An international team of astronomers has discovered an exoplanet–one outside our solar system–that has a more Earthlike orbit than any alien planet discovered so far using the same technique.
The planet, called CoRot-9b, was discovered by the French-operated satellite CoRot, which has been in orbit since 2006. The spacecraft detected CoRot-9b by measuring the dimming of its star’s brightness as the planet passed in front of it, a technique called “transit observation.” The small dip in brightness allows the planet’s size to be calculated. By measuring the amount of time it takes the planet to complete its orbit, researchers can determine the planet’s distance from its star.
The planet travels around its star every 95 Earth days, at a distance about half of that between Earth and the sun. This distance is still 10 times farther than any other planet discovered using this method. Its surface temperature is between -23 and 157 °C, so if CoRoT-9b was a terrestrial planet like Earth it could have liquid water on its surface, but it is made mostly of hydrogen and helium and therefore is unlikely to support life.
“This is the first time that we can probe the atmosphere of such a cool planet outside the solar system,” says Jason Wright, an assistant professor of astronomy at Pennsylvania State University, who was not involved in the discovery. Wright says that the finding is an important step forward in finding an Earthlike planet that could support life, one of the biggest goals in astronomy.
Astronomers used ground-based telescopes in Chile, Israel, and Tenerife, a Spanish Island off the coast of Africa, to confirm their finding, and to determine the planet’s mass by measuring the gravitational pull exerted on its parent star (this pull causes the star to wobble).
From the mass and radius measurements, the astronomers estimated the planet’s density, which is valuable in understanding its composition and structure, says Suzanne Aigrain, a lecturer in astrophysics at Oxford University and part of the team of astronomers that discovered the planet. The new planet may have a rocky core, but the rest is mainly made up of hydrogen and helium, so no form of life as we know it could exist, says Aigrain.
“Transit technology is state-of-the-art; it’s in its prime,” says Wright. “This is the first time we have detected a planet with such a long orbital period when it is so far from the star,” he says. Previously discovered exoplanets orbit much closer, making them both extremely hot and hard to study.
Jennifer Patience, a lecturer in astrophysics at the University of Exeter, in the U.K., says that there are two key technical challenges in imaging planets: overcoming the contrast ratio in the light from the star and the planet, and the fact that the planets are a typically quite close to the host star.
The transit method employed by the CoRot satellite uses a telescope to collect light that is then fed to a two-part camera. One part of the camera is designed to look for stars; the other is optimized to detect the subtle variation in a star’s light. European researchers built a device to shield the camera from light coming from sources other than those objects at which the telescope is looking.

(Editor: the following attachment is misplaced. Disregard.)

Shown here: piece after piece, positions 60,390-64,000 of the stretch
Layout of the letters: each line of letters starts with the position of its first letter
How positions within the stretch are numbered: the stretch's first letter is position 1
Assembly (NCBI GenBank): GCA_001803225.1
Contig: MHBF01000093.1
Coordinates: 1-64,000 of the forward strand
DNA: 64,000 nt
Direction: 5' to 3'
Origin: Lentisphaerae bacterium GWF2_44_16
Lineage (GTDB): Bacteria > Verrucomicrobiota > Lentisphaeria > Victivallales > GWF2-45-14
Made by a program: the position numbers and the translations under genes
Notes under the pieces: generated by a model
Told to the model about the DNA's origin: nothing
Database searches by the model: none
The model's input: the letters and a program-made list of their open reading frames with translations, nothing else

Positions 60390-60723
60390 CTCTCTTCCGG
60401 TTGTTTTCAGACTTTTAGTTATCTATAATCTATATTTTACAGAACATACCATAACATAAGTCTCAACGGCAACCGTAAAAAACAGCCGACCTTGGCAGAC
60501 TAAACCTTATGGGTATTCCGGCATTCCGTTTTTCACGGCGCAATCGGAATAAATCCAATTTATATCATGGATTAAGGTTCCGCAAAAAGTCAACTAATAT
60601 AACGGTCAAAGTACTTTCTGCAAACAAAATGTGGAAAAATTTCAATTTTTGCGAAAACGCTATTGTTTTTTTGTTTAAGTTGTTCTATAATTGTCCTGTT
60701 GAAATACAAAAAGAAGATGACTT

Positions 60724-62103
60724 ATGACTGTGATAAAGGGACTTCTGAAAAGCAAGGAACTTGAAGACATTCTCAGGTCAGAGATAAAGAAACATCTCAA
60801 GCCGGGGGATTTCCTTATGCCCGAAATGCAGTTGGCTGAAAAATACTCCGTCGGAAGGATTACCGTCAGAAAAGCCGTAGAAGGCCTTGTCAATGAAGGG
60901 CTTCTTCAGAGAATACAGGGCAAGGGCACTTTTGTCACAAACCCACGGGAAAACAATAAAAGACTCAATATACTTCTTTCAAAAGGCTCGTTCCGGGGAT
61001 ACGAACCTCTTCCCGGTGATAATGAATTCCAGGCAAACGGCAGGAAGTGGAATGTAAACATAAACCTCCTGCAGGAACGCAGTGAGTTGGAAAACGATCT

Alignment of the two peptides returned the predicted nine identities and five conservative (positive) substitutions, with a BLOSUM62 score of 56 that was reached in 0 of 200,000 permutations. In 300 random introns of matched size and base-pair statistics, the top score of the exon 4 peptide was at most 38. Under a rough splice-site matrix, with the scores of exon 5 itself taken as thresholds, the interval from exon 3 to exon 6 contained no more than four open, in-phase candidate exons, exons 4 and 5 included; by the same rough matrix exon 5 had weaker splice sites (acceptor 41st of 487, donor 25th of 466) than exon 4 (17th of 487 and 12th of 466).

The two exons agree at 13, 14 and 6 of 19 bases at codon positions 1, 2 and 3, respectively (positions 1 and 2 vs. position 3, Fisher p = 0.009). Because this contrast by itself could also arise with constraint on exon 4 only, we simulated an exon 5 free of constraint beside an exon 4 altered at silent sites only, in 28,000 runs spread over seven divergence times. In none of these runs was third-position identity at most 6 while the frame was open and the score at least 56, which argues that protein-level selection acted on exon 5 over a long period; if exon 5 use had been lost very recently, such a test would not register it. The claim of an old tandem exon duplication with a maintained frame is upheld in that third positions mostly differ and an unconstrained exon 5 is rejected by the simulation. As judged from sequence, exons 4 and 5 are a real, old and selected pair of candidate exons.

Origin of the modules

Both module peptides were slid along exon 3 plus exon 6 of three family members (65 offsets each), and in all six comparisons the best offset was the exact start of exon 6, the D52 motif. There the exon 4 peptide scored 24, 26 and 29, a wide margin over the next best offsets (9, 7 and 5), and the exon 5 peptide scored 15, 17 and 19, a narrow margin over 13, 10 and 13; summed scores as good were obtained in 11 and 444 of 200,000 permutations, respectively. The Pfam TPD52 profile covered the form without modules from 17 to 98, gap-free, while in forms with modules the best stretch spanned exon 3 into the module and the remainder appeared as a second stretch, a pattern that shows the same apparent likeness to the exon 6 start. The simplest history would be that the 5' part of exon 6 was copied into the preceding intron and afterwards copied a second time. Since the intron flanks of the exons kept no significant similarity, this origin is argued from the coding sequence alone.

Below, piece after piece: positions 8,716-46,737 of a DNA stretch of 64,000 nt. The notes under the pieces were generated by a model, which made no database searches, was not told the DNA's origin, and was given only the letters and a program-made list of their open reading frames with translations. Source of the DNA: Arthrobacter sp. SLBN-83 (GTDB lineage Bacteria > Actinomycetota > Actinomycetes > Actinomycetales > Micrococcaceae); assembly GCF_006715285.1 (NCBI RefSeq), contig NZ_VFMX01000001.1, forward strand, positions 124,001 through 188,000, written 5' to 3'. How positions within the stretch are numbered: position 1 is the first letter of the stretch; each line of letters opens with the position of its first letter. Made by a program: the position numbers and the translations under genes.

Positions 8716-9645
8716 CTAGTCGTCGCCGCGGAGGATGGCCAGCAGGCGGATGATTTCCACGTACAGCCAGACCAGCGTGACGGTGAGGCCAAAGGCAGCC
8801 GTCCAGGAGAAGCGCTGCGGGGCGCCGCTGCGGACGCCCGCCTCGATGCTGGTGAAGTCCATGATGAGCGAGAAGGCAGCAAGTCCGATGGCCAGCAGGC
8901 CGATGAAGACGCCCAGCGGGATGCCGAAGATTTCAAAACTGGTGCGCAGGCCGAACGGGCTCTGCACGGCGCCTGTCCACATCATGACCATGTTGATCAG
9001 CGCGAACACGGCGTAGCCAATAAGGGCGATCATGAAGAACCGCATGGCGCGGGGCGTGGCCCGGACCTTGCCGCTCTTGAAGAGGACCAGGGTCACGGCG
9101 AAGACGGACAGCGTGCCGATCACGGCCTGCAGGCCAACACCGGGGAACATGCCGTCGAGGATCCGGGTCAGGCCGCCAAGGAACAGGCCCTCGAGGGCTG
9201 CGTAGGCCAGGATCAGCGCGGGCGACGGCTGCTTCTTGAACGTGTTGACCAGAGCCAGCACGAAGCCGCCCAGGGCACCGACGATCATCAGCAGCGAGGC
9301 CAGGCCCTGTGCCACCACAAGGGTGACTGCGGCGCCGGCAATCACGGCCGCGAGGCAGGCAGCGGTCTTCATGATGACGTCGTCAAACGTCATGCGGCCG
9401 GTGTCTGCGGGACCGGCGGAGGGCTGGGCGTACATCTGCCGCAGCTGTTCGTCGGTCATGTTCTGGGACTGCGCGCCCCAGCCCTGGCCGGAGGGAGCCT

NASA’s Kepler satellite, which launched last year, is also using the transit method to look for Earthlike planets. Wright says the spacecraft will “revolutionize our search for habitable planets.” Kepler has 42 detectors that can measure the brightness of 150,000 stars and stores the data every six seconds. “No one has ever built a [space-based] instrument with this kind of precision,” says William Borucki, science principal investigator for the Kepler mission.
John Johnson, an assistant professor of astronomy at Caltech, says the new finding by CoRot foreshadows the work that astronomers expect Kepler to make over the next few years. Johnson predicts that Kepler will find the first inhabitable “Earth” outside our solar system in the next three to six years.
For astronomers to really understand the composition of exoplanets they discover, they will need to use an emerging method called direct detection. This technology uses an adaptive optics system and a device called a coronagraph, which blocks out as much light from the star as possible, to image the planet. The Hubble Space Telescope was able to image a planet around the star named Fomalhuat using a coronagraph, and only two other telescopes have this capability, the Keck Observatory in Hawaii and the Very Large Telescope in Chile.
Direct imaging instruments are being built for the Gemini observatory in Chile, the Subaru telescope in Japan, and the Very Large Telescope. NASA’s next space telescope, the James Webb Space Telescope, set to launch in 2013, will also use direct detection. As part of a Technology Development program, NASA recently issued a two-year $784,000 grant to researchers at Rochester Institute of Technology in New York and MIT Lincoln Laboratory, to modify one of Lincoln Lab’s photon detectors for imaging planets. The detector counts individual photons digitally, says Brian Aull, a technical staff member at MIT Lincoln Laboratory. “The advantage is that it is able to detect very faint objects with better signal-to-noise characteristics than conventional detector technology.”
“The main thing is finding planets, because in order to better understand our solar system, we have to understand how other planetary systems formed,” says Borucki. If astronomers can find lots of Earthlike planets, the next step is to develop instruments that can look for signatures of life. “We need to know: is there life out there, or are we alone?”
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